The topic of this post should really come as no surprise, what with the Cubs already being accepted as the greatest assemblage of talent in the history of forever. The legendary status of this team, however, tends to be driven mostly by how their offensive prowess causes jaws to drop and tongues to wag. Oddly enough, Kris Bryant’s eyes have that same effect. Addison Russell’s too. And each time Anthony Rizzo drops to one knee to blast another home run, fans can’t help but swoon as they say, “Yes!”
But a funny thing happened on the way to building a juggernaut: the Cubs actually put together a team that can stop runs as well as it scores them. Mind. Blown. Okay, not really. We all — at least those of us who understand that batting average and RBI are not the true measure of a man — knew that Jason Heyward was signed as much for his glove as his bat. And Russell taking over full-time at short was sure to yield results. Even Kris Bryant, whose defense at third was given short shrift prior to last season, has acquitted himself quite well at the hot corner.
Add in Dexter Fowler’s revelatory performance in center, Rizzo’s solid play at first, and Javy Baez’s ability to play plus D all over the infield, and you’ve got yourself a pretty solid squad. The Cubs were actually pretty good in the field last season, but the improvements have been evident even at this early juncture. As you can see from the chart below (full definitions of the various categories available at the end of the post), most of the league is looking up at the Cubs in several different metrics.
I think you all know better by now than to invest a great deal of credence in early-season numbers, particularly those that measure defensive performance. But that doesn’t mean we can’t see some really positive trends at work here, particularly in the error runs column. If there’s one thing that drives you crazy as a fan, it’s seeing your team give away runs and games due to miscues. What we’re seeing thus far is that the Cubs aren’t beating themselves, which is a nice change.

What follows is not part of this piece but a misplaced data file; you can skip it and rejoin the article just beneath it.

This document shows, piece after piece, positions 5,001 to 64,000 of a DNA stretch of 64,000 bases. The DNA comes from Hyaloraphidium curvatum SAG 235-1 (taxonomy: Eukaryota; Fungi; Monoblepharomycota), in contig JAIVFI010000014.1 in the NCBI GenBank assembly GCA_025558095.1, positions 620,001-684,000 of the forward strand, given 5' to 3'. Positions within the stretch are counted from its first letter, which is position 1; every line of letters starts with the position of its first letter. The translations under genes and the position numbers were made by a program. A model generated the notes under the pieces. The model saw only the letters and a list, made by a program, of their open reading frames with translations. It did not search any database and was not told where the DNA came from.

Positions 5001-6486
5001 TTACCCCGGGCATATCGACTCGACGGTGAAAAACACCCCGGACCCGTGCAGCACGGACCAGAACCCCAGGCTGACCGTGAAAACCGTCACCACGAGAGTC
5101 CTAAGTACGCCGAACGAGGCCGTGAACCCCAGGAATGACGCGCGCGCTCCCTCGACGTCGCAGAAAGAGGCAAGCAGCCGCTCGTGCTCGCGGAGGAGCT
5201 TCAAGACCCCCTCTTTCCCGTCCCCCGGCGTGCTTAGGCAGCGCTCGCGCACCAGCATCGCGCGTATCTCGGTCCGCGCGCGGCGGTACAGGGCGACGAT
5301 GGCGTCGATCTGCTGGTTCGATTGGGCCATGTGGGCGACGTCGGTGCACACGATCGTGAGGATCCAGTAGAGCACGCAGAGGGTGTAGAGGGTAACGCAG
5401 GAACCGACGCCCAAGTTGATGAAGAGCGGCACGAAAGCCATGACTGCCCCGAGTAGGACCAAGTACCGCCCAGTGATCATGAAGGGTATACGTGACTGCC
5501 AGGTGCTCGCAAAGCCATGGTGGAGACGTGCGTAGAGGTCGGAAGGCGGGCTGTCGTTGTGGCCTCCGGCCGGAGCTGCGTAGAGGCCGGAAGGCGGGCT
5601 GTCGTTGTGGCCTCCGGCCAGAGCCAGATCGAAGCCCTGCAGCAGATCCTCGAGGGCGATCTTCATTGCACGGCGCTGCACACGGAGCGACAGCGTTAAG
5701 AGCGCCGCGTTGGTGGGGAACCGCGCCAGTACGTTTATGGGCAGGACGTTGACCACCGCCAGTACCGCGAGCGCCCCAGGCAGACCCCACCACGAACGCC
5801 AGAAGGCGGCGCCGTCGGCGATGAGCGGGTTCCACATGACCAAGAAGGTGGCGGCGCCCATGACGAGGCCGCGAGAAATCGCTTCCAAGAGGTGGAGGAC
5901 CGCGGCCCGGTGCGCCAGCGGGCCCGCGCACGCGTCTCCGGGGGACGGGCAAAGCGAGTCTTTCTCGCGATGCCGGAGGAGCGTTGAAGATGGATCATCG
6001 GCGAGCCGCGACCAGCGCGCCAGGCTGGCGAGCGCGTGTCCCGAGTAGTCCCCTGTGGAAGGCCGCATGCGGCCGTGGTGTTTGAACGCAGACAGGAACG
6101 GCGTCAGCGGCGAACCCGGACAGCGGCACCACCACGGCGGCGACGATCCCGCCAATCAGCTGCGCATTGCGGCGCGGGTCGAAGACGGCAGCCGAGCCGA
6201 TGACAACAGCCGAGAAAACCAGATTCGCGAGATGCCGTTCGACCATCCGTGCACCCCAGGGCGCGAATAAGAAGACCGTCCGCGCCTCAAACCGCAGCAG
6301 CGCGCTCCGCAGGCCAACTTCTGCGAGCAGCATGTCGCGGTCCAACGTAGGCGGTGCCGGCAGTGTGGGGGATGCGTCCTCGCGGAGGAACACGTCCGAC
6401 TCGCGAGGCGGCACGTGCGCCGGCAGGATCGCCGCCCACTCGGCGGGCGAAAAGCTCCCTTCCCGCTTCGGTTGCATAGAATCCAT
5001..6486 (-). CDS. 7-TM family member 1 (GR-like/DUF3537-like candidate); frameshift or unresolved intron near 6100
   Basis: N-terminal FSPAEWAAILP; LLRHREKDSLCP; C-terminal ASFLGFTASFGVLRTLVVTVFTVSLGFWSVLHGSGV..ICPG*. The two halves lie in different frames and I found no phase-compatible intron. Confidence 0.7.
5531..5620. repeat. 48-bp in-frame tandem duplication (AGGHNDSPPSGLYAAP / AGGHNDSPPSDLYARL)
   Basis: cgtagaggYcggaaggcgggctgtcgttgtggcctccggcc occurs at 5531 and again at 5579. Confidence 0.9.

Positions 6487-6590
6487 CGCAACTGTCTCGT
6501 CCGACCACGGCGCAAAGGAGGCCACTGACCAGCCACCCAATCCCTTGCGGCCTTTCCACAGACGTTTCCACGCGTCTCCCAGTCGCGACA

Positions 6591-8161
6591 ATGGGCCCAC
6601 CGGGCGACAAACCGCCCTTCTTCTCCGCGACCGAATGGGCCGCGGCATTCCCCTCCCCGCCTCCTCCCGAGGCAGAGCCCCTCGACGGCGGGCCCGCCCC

Of course, as I was typing that last bit — literally, as I was in the middle of a sentence praising the fact that the Cubs don’t give away runs — Russell misplayed a grounder hit right at him to allow the Braves to score. While I believe the young shortstop will eventually be a great offensive weapon as well, his real value comes in providing a premier glove at a premium position. That importance was underscored by a quirky little stat making the rounds Sunday evening.
The Cubs are 8-1 when Addison Russell goes hitless but 0-3 when he commits an error. It's all about the D with this team.
— Jeff Falk (@ebsoftball) May 2, 2016
Yes, Jeff, it truly is all about the D.
One area that’s surprisingly lagging given the personnel changes, however, is outfield arm runs, a mark that appears to have dropped off significantly. Then again, only 11 teams are better than zero in this category and there’s a lot of time left for Jason Heyward to throw out a few more runners and bump that number up a bit. Heyward’s ability to cover all kinds of ground has also contributed mightily to that range runs number and has likely made some teammates better.
It’s gotta be nice as a pitcher to know that the guys behind you can really pick it like that.
As the Cubs get further into the season and start facing more difficult competition, limiting extra bases and runs is going to become ever more important. After all, the hitters can’t put 15 runs on the board every game. So while we all dig the longball, this team is out to prove that the D can just as surely bring the “Oh,” not to mention a few W’s.
ARM (outfield arm runs): Outfielder’s [sic] get credit (plus or minus) depending on what the runners do on a hit or a fly ball out. A runner can stay put, advance, or get thrown out. A fielder will get credit not only if he throws out more than his share of runners, but also if he keeps more than his share of runners from advancing extra bases.
DPR (double play runs): The number of runs above or below average a fielder is, based on the number double plays versus the number forces at second they get, as compared to an average fielder at that position, given the speed and location of the ball and the handedness of the batter.
RngR (range runs): The number of runs above or below average a fielder is, determined by how the fielder is able to get to balls hit in his vicinity.
ErrR (error runs): The number of runs above or below average a fielder is, determined by the number of errors he makes as compared to an average fielder at that position given the same distribution of balls in play.
UZR (ultimate zone rating): The number of runs above or below average a fielder is in both range runs, outfield arm runs, double play runs and error runs combined.
Def (defense) is the combination of two important factors of defensive performance: value relative to positional average (fielding runs) and positional value relative to other positions (positional adjustment).